- Remove nuts and washers from the bolts at the toilet base using an adjustable wrench. If the bolt spins as you turn the nut, you will have to grasp the bolt with a separate pair of pliers while removing the nuts.
- Grab the toilet under the sides of the bowl and rock it gently back and forth to break the old wax seal and lift the toilet off the floor. Set it down on the protective covering.
- Scrape the old wax seal off the base of the toilet and toilet flange using a putty knife. Scrape the caulk off the toilet bowl and finished flooring.
Repairing Toilet Flange
What You’ll Need:
- Eye protection
- Screw gun
- Caulk gun
- Rust-proof screws
- Flange repair ring
First, inspect the toilet flange for any cracks or decay. If the drain section of the flange is damaged, a licensed plumber will be needed to completely replace the old flange. Flange selection depends on the type and size of pipe it is being connected to, as well as other application-specific variables.
Some flanges are specifically designed for cast iron connections, and others can be solvent welded for PVC or ABS pipe connections. For new construction or remodels, there are flanges with knockout plugs that allow you to test the system without having to use a test ball or plug, while also keeping sewer gases from escaping.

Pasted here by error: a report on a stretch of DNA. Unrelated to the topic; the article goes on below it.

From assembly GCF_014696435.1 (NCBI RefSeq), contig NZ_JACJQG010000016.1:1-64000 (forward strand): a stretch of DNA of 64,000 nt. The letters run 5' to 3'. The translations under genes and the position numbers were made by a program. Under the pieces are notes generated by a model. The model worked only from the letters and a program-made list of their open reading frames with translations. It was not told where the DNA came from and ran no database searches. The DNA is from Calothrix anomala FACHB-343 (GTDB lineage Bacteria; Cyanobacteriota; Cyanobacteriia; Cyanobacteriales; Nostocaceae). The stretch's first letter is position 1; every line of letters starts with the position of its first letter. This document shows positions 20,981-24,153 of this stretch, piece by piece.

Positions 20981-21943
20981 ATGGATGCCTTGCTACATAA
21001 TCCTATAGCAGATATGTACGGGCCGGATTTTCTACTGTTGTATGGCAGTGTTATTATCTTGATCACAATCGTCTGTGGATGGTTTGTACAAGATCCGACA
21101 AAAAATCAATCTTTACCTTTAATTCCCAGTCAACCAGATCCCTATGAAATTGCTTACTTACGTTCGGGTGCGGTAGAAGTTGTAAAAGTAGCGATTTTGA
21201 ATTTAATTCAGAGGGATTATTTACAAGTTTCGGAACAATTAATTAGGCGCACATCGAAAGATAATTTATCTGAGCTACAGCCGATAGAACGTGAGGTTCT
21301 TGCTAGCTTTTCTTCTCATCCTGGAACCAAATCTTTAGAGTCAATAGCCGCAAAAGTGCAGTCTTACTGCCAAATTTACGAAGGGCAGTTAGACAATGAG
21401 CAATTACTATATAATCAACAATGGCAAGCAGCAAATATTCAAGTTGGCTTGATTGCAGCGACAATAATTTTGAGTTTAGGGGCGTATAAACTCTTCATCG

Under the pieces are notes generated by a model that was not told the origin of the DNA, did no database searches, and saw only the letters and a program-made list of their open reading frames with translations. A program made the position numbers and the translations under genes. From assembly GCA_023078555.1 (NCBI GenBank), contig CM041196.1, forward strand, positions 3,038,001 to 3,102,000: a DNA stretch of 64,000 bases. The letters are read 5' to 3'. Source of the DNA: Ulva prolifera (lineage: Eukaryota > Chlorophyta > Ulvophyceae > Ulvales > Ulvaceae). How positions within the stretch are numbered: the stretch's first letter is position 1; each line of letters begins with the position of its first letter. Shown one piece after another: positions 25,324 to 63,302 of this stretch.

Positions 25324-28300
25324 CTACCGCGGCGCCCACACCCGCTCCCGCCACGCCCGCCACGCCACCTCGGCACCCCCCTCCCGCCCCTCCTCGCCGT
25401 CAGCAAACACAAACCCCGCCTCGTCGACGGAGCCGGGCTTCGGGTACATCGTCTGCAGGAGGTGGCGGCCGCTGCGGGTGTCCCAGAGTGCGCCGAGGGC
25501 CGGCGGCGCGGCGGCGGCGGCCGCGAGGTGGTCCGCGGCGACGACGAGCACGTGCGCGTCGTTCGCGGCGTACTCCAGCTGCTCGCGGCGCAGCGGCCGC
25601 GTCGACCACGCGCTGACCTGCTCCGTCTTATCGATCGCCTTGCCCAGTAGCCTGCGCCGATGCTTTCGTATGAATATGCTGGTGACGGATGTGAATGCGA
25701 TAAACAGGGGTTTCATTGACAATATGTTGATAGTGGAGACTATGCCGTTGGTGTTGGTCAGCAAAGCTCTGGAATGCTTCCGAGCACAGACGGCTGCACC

If just the flange is broken, you can use a convenient flange repair ring, like Oatey’s Fix-It Flange Repair Ring, to securely reinstall the toilet. A product like this makes repairs easy because it can be installed above the broken toilet flange with four screws and silicone sealant. It doesn’t require solvent cementing or special tools to install, which is ideal for the average homeowner. For professionals, ease of installation results in a faster service call, saving time and costs.
Follow these steps to properly repair your flange using a flange repair ring*:
- Remove broken or corroded sections of the flange. If pieces are loose, they can be removed by hand. Then, apply a liberal amount of 100% silicone sealant to the top of the existing flange.
- Inset new Johni-Bolts into existing ring slots if still in place. Be sure the bolts are centered with the toilet flange opening and parallel with the wall behind toilet tank.
- Press the repair ring down into the desired location for correct bolt alignment and secure the repair ring to the subfloor using appropriate screws and anchors.
- Secure Johni-Bolts to repair ring using supplied fasteners.
- Wipe off any excess silicone and allow time to cure.
*Please read manufacturer instructions and recommendations on products to ensure best practices for safe and effective use.
- Place new wax ring seal on top of repair ring. Make sure it is centered.
- Reinstall toilet by using Johni-bolts (the bolts that connect the toilet to the floor) as a guide. Make sure you hold the toilet as level as possible when placing it onto the new wax seal. The toilet tank should be parallel to the wall behind it.
- Do not rock the toilet as it is placed on the new wax seal. Use a slight side-to-side twisting motion until the toilet bowl is resting on the bathroom floor.
- Install washers and nuts in their original order and location.
- Tighten nuts down while alternating from side to side until toilet bowl is seated firmly and evenly on the floor. Be careful not to overtighten the bolts, or you could crack the toilet bowl.
- Connect toilet supply.